But there are also bad reasons to engage in peer review. These typically revolve around using the power it confers to gratify your ego and promote yourself. One example is to force the author to include gratuitous citations to your own papers. It is not that requests to cite your own papers are always wrong. On the one hand, you have been selected as a reviewer because the editor thinks you are an expert on the topic. You know the literature very well, and you probably have published on the topic (that’s often how editors find you!). So you must fight your impostor syndrome and trust your judgement on whether the submitted paper builds on and cites the appropriate existing literature. If you believe that it doesn’t, you must say so.

However, think twice before seeking to insert a reference to your own paper. Keep in mind that authors don’t have the obligation to cite every paper in the field, nor the latest paper. Keep two questions in mind, and only ask for an additional citation if the answer to one of them is a loud yes.

Is the description of the state of the art in the introduction incomplete without this citation?

Would the citation enrich the discussion by confirming or contradicting some of the interpretations?

Above all, keep in mind that the mission you have accepted as a reviewer is to help ensure the quality of the scientific discussion. Nothing more (but nothing less!). While it may be upsetting to see a colleague ignore your work, it is also upsetting for colleagues to receive unjustified requests for extra citations, and good editors blacklist reviewers who do this. Better to ask yourself why the authors missed your paper. Perhaps you should publish in more relevant journals? Perhaps you should be more prominent at conferences or on social media?

On a more cheerful note, I want to share a personal anecdote. I was once asked to review a paper for one of the “shiniest” journals there is. It was on the same topic as my PhD, from which I had graduated a year before, but the authors did not cite any of our contributions on the topic. Self-esteem apart, I truly thought this was a problem.

After many hesitations, I decided to include a shy suggestion to cite one of our papers, camouflaged in the middle of my detailed, five-page report. One month later, I came across the four other anonymous reviewers’ reports. Three of them openly criticised the authors for having completely overlooked our body of work, and asked them to correct that.

That day, I felt proud and happy about my work as never before. Peer recognition is sweeter when it is not forced.

Damien Debecker is a professor in the Institute of Condensed Matter and Nanosciences at Université Catholique de Louvain, Belgium.

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‘Determining the fate of a paper via the judgement of a small, select bunch of peers is well past its sell-by date’

Arrgghhh. A second reminder about that paper I agreed to review has just appeared in my inbox. Remind me of just why I agreed to do this? I’ve got a stack of undergrad lab reports to grade, a grant application to write, tutorials and “one-to-one” meetings to organise, undergrad and PhD projects to supervise, and the documentation for an equipment tender process to sort out within the next couple of days. And let’s not even mention that paper of our own that’s been gestating for over a year now and that stubbornly refuses to move off my “to do” list...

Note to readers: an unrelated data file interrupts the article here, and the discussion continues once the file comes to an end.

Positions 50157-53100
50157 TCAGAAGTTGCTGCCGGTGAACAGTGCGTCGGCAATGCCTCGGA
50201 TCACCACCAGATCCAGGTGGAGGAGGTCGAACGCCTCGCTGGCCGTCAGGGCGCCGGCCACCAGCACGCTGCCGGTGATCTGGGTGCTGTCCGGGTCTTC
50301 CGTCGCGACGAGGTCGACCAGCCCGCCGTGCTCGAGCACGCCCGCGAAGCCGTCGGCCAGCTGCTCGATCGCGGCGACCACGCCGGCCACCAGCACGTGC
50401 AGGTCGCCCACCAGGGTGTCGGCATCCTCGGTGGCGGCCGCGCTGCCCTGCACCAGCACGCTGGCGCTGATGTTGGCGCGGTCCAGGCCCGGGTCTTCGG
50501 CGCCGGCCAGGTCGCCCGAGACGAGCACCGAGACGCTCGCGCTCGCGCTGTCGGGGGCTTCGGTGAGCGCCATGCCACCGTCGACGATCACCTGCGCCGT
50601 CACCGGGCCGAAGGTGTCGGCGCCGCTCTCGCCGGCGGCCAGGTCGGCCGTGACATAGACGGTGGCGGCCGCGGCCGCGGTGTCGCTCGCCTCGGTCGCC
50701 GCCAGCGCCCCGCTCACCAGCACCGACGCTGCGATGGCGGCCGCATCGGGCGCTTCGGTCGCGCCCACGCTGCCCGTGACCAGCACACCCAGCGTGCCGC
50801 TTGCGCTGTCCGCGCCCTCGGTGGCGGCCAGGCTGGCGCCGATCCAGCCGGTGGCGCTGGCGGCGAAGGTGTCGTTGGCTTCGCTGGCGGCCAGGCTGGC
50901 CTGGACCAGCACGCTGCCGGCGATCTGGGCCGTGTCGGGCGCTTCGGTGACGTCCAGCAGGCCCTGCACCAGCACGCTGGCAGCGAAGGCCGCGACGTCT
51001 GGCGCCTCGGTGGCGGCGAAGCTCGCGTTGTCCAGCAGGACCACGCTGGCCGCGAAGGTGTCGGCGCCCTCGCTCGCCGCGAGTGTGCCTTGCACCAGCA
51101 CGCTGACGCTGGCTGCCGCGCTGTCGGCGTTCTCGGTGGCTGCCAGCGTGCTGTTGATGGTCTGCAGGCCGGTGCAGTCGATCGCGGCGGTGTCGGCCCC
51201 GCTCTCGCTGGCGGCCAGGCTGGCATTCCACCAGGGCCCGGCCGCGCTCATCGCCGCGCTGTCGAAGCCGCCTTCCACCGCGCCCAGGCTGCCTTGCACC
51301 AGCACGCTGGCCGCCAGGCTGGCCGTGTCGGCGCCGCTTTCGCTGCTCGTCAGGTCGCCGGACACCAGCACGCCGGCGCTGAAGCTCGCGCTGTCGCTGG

So why do I agree to review manuscripts when I have more than enough on my plate? After all, I’m not going to get paid for doing the review – despite the eye-wateringly high profit margins of many academic publishers. Nor will my efforts contribute to the research profile of my department or university. Even the undergraduates with whom I recently discussed and dissected peer reviewing (as part of my university’s “politics, perception and philosophy of physics” module) were rather taken aback to be told that it generally relies on unpaid, unrecognised volunteers.

On average, I review about six manuscripts a year (although I turn down or pass on about double that number of requests). I feel duty bound to do so; the entire scientific process rests on peer review and I am acutely aware that my colleagues have very often invested considerable time and effort in reviewing papers that my group has submitted to journals. In the vast majority of cases, moreover, their efforts have resulted in improvements. Sometimes the improvements are dramatic, in one case transforming the manuscript beyond recognition.

That said, peer reviewing also has deep flaws. Reviewing a paper well often takes a considerable amount of time; I’d estimate about six hours, on average. On occasion, however, it’s absolutely clear from even the most cursory glance at the data that the authors are “over-reaching”, and a review can be written and submitted in well under an hour.

It is frustrating, however, to invest time and effort in reviewing only to find that some colleagues are asleep on the job; there have been a number of examples where blatant, “poke you in the eye” data manipulation has passed through the net in my field of nanoscience. The most egregious in recent years was the infamous “nano chopsticks” paper published in the prestigious American Chemical Society journal, Nano Letters , in 2013. ( Google it.) This was “cut-and-paste” science; outlandish fraud of a type that even a primary school child could identify, but it was picked up not by the reviewers or the editor but by a blog, and subsequent social media traffic.